Fruit is without doubt one of the most important food groups that we can eat. Whether it’s filling us with antioxidants, vitamins and minerals or giving us a natural energy boost, fruit should be an integral part of our diets – and along with vegetables, we should be consuming five portions of them every day.
There are often questions raised about the sugar content of fruit, and whether this can have a detrimental effect upon your blood sugar levels, particularly for diabetics.
Well new evidence suggests that a daily dose of fruit can actually lower your risk of diabetes and even help improve mortality in those already diagnosed with the disease. A recent, large study between the University of Oxford and a number of Centres for Disease Control and Prevention across China examined the health and diets of over 500,000 adults over seven years.
In participants free of diabetes, the researchers found a daily portion of fruit led to a 12 per cent lower risk of developing diabetes, compared to those who never or rarely eat fruit.
For diabetes sufferers, eating fresh fruit more than three days a week was linked to a 17 per cent lower risk of dying from any cause, as well as a 13 to 28 per cent reduced risk of developing a diabetes-related blood vessel complication, such as heart disease and diabetic retinopathy.
This is an incredibly relevant study, particularly considering the aforementioned stigma that can often follow the sugar content of fruit. This is especially true in China and other parts of Asia where fresh fruit is avoided in diabetics due to the suspected ‘dangers’ associated with sugar.
In fact, the study highlighted that “fresh fruit consumption was not associated with an elevated blood glucose level… even in people with diabetes”.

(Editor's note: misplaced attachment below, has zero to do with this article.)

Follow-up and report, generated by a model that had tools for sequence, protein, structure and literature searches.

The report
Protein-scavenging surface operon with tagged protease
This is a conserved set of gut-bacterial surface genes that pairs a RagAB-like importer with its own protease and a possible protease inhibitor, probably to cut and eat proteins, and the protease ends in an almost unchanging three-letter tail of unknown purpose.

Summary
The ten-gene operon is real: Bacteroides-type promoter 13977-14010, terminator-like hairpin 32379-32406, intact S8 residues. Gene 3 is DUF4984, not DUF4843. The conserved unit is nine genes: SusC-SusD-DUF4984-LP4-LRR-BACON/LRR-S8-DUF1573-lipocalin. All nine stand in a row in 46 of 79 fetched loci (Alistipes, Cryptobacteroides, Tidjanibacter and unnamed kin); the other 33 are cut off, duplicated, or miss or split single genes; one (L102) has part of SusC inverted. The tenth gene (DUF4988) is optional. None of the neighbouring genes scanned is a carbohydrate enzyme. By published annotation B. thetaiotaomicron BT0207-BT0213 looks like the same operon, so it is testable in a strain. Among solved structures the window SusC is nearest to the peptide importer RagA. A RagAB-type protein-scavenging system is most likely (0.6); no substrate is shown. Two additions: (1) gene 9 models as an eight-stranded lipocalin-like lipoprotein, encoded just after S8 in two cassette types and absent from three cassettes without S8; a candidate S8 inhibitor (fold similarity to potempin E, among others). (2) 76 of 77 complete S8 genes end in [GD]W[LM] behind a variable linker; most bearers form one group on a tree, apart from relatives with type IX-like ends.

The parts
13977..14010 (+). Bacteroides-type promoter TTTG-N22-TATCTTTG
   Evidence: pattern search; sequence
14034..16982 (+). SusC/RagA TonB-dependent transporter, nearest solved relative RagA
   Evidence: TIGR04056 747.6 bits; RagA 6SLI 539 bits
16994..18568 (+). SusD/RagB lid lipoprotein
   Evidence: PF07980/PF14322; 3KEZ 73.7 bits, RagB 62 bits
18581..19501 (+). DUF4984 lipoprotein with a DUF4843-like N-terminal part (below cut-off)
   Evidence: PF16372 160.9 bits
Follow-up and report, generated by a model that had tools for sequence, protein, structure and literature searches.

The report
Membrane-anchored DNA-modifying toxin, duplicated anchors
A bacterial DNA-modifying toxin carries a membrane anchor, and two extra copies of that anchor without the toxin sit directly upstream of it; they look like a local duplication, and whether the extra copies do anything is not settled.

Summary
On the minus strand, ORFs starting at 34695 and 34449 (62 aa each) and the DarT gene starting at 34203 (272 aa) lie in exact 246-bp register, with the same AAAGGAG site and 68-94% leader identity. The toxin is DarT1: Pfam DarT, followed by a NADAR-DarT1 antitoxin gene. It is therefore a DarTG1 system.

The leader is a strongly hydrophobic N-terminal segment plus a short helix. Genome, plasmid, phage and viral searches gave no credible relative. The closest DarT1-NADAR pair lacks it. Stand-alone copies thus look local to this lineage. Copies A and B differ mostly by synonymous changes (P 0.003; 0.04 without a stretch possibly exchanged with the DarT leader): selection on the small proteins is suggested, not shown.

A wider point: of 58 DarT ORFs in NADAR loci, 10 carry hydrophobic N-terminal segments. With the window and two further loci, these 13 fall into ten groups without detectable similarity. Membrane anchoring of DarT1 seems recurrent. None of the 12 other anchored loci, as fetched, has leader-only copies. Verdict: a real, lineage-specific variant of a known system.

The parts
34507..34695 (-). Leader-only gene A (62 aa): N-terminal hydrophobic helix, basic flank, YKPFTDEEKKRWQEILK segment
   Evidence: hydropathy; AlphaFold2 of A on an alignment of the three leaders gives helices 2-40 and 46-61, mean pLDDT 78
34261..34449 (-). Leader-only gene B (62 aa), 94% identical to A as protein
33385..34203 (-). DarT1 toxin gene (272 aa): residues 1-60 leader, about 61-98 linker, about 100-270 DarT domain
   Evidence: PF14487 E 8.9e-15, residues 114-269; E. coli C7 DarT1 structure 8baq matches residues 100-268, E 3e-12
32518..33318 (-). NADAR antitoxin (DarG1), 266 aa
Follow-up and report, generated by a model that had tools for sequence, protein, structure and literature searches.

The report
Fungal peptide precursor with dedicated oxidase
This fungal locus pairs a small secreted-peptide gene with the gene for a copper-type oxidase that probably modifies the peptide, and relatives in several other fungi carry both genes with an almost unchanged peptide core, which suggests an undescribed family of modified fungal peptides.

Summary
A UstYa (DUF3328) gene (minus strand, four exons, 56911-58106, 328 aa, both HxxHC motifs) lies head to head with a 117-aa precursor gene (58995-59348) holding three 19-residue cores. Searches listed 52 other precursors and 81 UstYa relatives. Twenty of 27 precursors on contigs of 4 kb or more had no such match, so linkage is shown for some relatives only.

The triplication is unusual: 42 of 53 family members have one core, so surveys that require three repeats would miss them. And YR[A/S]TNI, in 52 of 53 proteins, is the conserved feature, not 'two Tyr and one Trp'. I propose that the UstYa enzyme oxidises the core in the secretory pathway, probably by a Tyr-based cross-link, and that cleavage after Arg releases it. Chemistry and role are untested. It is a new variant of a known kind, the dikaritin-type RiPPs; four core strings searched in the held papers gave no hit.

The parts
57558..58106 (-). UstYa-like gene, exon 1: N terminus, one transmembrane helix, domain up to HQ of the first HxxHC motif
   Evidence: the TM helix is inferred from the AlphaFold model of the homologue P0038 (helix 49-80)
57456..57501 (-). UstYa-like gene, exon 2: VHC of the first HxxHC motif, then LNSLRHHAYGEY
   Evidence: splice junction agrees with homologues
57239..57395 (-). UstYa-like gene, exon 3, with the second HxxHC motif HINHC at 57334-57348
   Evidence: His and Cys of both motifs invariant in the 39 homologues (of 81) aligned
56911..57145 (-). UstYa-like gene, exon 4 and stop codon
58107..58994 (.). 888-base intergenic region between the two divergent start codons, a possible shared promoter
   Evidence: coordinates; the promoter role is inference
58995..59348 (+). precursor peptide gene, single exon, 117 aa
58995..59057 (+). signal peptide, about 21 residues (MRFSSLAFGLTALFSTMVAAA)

This study should hopefully dispel that myth and actively promote fruit consumption in diabetics and non-diabetics alike.
What we really should be avoiding is ‘added’ sugar, not the natural sugar you find in fruit. The host of other health-promoting compounds found in fruit, such as fibre, help to actually slow down the absorption of sugar.
The study didn’t mention specific fruits but the most widely consumed in China are apples, pears and oranges, which release sugars into the blood slower than bananas, grapes and tropical fruits, so they may be a safer bet for diabetics.Wishing you the best of health,
Editorial Health Researcher
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Daily diet of fresh fruit linked to lower diabetes risk, published online, nhs.uk/news/2017/04April/Pages/Daily-diet-of-fresh-fruit-linked-to-lower-diabetes-risk.aspx
Fresh fruit consumption in relation to incident diabetes and diabetic vascular complications: A 7-y prospective study of 0.5 million Chinese adults, published online, journals.plos.org/plosmedicine/article?id=10.1371/journal.pmed.1002279